Closing the Golden Door Essay

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Closing the Golden Door

America has, is, and will always be a nation of immigrants: the great melting pot. In the years that have passed since Emma Lazarus’ poem was inscribed on the Statue of Liberty “the golden door” has seen times when it was open wide and times when it was closed shut to almost all immigrants. Many people tend to look at the present immigration problems as a purely modern dilemma. The truth is America has always struggled with the issue of immigration, both legal and illegal. Changing times however make it imperative that our government re-examine and adjust today’s immigration laws to today’s standards. Those standards however are not easily defined.
All too often the issue of immigration is used as a
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Congress must also find a way to slow the flow of illegal immigration by enforcing the laws already in place. What this paper will attempt to do is bring the immigration issue into perspective. America most certainly has immigration problems but they will not be fixed by eliminating immigration all together. In fact, America will never totally eliminate immigration, because no matter how tightly the door is closed some illegal immigrants will get through. As long as America continues to be seen as a nation of prosperity, opportunity, and freedom there will be those who wish to come to America. Immigrants have always come to America looking for a better life and Americans are always forgetting that their forefathers were once looking for that same life. As a nation there must be a decision on whether immigration is an issue of conscience or economics.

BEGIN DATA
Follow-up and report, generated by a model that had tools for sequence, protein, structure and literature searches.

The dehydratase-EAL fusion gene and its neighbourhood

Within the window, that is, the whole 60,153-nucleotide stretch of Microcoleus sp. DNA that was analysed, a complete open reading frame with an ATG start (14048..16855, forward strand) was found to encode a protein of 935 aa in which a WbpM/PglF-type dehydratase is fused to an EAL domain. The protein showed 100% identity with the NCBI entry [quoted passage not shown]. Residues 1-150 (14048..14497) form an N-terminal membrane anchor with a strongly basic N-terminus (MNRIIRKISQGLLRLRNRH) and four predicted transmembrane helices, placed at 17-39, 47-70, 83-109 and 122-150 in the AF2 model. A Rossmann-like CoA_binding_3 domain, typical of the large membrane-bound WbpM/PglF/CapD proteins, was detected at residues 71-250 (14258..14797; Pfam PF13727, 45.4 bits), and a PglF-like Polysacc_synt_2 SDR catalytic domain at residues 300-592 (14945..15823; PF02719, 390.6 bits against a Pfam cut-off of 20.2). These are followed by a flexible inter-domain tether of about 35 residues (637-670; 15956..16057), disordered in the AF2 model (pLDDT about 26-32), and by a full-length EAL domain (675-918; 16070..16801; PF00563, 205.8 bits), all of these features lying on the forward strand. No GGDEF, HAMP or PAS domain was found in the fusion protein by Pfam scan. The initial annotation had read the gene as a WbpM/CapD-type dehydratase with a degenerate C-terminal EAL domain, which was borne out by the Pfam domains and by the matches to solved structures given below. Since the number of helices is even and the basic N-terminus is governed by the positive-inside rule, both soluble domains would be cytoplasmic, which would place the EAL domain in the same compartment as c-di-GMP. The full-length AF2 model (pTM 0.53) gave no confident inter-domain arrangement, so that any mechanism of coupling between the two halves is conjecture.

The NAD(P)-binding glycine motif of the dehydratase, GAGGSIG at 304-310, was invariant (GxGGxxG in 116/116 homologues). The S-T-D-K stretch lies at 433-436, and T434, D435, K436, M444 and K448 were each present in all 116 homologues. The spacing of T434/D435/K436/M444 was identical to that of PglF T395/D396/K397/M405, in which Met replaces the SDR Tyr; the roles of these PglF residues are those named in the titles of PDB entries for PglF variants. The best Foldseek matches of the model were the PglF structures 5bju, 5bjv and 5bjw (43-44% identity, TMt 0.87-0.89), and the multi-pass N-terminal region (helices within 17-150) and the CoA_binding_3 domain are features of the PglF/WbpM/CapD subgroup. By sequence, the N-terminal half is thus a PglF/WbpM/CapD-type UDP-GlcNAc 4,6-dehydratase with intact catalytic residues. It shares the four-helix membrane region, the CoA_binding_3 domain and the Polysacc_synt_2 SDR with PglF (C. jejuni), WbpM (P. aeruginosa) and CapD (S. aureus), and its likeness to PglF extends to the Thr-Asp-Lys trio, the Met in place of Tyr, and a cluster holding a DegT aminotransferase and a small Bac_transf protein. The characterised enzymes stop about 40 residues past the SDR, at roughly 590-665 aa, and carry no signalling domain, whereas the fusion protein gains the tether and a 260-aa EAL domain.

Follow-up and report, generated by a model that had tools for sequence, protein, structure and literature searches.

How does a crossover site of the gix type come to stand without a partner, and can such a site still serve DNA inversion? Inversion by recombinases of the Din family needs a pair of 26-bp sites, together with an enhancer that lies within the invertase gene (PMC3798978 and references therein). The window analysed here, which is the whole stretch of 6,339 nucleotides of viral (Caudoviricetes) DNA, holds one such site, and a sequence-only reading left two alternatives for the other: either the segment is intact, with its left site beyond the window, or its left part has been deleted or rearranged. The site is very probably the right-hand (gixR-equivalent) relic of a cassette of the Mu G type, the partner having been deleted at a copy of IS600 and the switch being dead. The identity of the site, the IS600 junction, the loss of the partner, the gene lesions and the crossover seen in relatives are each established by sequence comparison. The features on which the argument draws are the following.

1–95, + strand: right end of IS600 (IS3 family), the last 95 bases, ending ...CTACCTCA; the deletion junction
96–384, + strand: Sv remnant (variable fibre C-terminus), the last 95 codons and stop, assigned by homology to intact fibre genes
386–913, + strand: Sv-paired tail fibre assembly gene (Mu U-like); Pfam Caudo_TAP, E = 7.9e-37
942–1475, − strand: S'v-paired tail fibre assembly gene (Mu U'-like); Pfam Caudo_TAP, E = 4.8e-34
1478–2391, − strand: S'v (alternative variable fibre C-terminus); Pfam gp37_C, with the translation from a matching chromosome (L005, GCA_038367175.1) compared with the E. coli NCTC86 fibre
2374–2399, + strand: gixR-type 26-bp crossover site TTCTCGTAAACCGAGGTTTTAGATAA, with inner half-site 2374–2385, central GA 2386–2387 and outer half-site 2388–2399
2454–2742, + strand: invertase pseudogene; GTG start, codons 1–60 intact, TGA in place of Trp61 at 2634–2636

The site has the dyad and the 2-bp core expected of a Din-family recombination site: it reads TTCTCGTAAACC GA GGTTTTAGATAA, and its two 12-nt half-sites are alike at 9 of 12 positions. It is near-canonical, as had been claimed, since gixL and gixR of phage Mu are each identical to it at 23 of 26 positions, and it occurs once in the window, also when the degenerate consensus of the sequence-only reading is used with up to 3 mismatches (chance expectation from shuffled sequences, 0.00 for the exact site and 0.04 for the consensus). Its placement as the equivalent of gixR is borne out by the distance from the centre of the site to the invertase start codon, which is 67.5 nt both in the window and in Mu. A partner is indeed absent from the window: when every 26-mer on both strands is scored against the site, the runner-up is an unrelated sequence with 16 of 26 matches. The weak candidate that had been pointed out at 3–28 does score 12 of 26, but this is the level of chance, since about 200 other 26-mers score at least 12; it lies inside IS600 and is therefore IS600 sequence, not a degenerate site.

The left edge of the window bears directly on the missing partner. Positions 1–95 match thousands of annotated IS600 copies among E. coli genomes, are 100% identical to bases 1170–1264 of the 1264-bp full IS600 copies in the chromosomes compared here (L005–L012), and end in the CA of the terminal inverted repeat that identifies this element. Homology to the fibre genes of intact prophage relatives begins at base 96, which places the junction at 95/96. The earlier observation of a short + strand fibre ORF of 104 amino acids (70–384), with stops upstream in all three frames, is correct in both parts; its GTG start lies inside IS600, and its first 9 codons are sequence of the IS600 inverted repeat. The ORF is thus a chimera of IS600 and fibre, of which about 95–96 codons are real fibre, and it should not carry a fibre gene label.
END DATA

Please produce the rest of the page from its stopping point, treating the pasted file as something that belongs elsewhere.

History of Immigration Laws Though most Americans see immigration as a modern problem it has been heavily debated since the 19th century. Throughout most of America’s history immigration was seen as a natural process that benefited the nation (Divine 2). Until the 1890’s there were no clearly defined policies on immigration. During this time the country started questioning the economic benefits of more immigrants, so things have note changed in that respect. In May 1921, the first bill in
American history restricted

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